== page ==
1
$\begingroup$

Suppose $2\times2$ equation:

$$ \begin{cases} a_1x + b_1y = c_1 \\ a_2x + b_2y = c_2 \end{cases} $$

We can make determinants:

$$D=\begin{vmatrix}{a_1}&{b_1}\\{a_2}&{b_2}\end{vmatrix}$$

$$A=\begin{vmatrix}{a_1}&{c_1}\\{a_2}&{c_2}\end{vmatrix}$$

$$B=\begin{vmatrix}{c_1}&{b_1}\\{c_2}&{b_2}\end{vmatrix}$$

Solution to the $2\times2$ equation exists if $D = 0$

Why?

$\endgroup$
  • $\begingroup$ This is not true; consider any case with $a_1 = b_1 = 0$, $c_1 \neq 0$. Then, $D = 0$ but the system admits no solution because its first equation doesn't. $\endgroup$ – Travis Willse Dec 16 '14 at 13:30
  • $\begingroup$ I think your question needs work before we can answer... $\endgroup$ – JohnD Dec 16 '14 at 13:34
2
$\begingroup$

Some intuitions.

From some point of view, your equation is $DX=B$, hence, if it is possible, $D^{-1}DX=X=D^{-1}B$ and Cauchy's theorem about determinants implies, that $\det D\neq 0$, because $D^{-1}D=I$.

$\endgroup$
  • $\begingroup$ But If $B=0$ the system has infinitely solutions. $\endgroup$ – AsdrubalBeltran Dec 16 '14 at 4:14
  • 1
    $\begingroup$ This is incorrect imo: you are assuming $\;D^{-1}\;$ exists to begin with in your first line: obviously that then it must be that $\;\det D\neq 0\;$ . The fact is that a non-homogeneous square system still can have solution even if $\;\det D=0\;$ . $\endgroup$ – Timbuc Dec 16 '14 at 4:45
  • $\begingroup$ @Timbuc In fact, the question is about the Cramer method. Hence my "from some point of view" and the rest. $\endgroup$ – Przemysław Scherwentke Dec 16 '14 at 12:17
  • $\begingroup$ @PrzemysławScherwentke, the answer's still incorrect. True, Cramer's Rule assumes the determinanto isn't zero, yet the OP didn't mention this and he asks why there's a solution if it is zero, which apparently shows some deep misunderstanding in what he does. Anyway, in your answer, again, you assume (a priori, without any further condition, which doesn't exist) that the matrix is invertible, which doesn't address the OP's question, imo. $\endgroup$ – Timbuc Dec 16 '14 at 12:23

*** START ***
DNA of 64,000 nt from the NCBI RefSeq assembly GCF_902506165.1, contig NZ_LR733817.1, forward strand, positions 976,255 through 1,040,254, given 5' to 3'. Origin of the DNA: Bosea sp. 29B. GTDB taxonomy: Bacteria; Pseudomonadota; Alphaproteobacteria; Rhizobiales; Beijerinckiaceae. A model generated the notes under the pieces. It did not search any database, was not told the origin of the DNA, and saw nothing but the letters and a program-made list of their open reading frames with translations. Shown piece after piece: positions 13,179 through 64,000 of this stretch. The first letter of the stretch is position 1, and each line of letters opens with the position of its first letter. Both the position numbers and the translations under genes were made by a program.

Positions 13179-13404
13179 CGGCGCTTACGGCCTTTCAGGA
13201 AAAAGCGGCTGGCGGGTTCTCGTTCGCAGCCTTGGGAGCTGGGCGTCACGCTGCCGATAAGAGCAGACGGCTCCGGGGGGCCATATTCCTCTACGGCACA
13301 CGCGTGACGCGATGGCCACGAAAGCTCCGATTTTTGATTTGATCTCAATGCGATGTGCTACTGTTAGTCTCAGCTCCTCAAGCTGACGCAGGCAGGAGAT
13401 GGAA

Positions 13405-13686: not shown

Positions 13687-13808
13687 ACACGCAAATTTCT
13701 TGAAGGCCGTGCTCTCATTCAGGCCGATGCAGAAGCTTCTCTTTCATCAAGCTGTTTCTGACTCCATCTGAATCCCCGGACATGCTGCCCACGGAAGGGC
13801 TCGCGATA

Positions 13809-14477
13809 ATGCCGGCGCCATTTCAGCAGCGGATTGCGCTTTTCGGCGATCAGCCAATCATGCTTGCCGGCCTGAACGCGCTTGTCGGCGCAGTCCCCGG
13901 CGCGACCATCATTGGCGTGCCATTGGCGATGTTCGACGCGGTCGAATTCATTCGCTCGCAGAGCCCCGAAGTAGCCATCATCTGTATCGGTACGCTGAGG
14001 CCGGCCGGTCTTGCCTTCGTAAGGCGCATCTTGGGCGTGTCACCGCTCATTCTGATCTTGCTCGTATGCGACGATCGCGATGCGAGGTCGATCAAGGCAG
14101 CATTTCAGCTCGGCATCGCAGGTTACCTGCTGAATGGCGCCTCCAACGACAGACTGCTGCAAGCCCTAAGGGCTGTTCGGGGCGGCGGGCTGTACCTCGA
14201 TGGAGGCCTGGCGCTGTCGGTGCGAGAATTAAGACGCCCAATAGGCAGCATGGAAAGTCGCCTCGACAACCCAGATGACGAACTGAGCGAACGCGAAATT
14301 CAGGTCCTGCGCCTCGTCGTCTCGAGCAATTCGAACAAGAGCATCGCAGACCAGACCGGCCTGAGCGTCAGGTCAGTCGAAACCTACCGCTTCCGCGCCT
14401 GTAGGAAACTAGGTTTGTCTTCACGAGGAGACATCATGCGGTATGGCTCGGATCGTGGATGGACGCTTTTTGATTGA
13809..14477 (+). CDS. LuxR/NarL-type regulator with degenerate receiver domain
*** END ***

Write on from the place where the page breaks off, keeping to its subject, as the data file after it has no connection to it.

0
$\begingroup$

No no, you got this the wrong way. If $ \det D \ne 0$ which is the "general" case then the system has a unique solution . If $\det D = 0$ which is the "specific" case further investigation is required and the system has either no solution or infinitely many solutions.

$\endgroup$
-2
$\begingroup$

Consider this linear system: \begin{equation} \begin{matrix} a_1x+b_1y&={c_1}\\ a_2x + b_2y&= {c_2}\end{matrix} \end{equation} which, in matrix format is \begin{equation} \begin{bmatrix} a_1 & b_1 \\ a_2 & b_2 \end{bmatrix}\begin{bmatrix} x \\ y \end{bmatrix}=\begin{bmatrix} {c_1} \\ {c_2} \end{bmatrix}. \end{equation} Solutions to which can be found with Cramer's rule, as \begin{equation} x = \begin{vmatrix} {{c_1}} & b_1 \\ c_2 & b_2 \end{vmatrix}/\begin{vmatrix} a_1 & b_1 \\ a_2 & b_2 \end{vmatrix} = { c_1b_2 - b_1c_2 \over a_1b_2 - b_1a_2} \end{equation} Which shows that if the determinant is zero, there are no solutions. So in general this is not true.

$\endgroup$
  • 1
    $\begingroup$ This is not accurate. It is possible for there to be solutions when the determinant is zero. Consider the case where all $a_i$,$b_i$, and $c_i$ are zero. Then any $x$ and $y$ are a solution. $\endgroup$ – Callus Jan 24 '15 at 11:00
  • $\begingroup$ Ok, so I'll make the case for non-zero coefficients. My point is now valid. $\endgroup$ – Autolatry Jan 26 '15 at 8:58
  • $\begingroup$ Not so. If all $a_i$,$b_i$, and $c_i$ are $1$ then $x=y=\frac{1}{2}$ is a solution, but the determinant is zero. The condition for existence of a solution is that $[c_1,c_2]$ is in the column space of the matrix. If the determinant is non-zero, then the column space is everything, so you're guaranteed a solution, but you can still have a solution if the determinant is zero. $\endgroup$ – Callus Jan 26 '15 at 23:37

Your Answer

By clicking “Post Your Answer”, you agree to our terms of service, privacy policy and cookie policy

Not the answer you're looking for? Browse other questions tagged or ask your own question.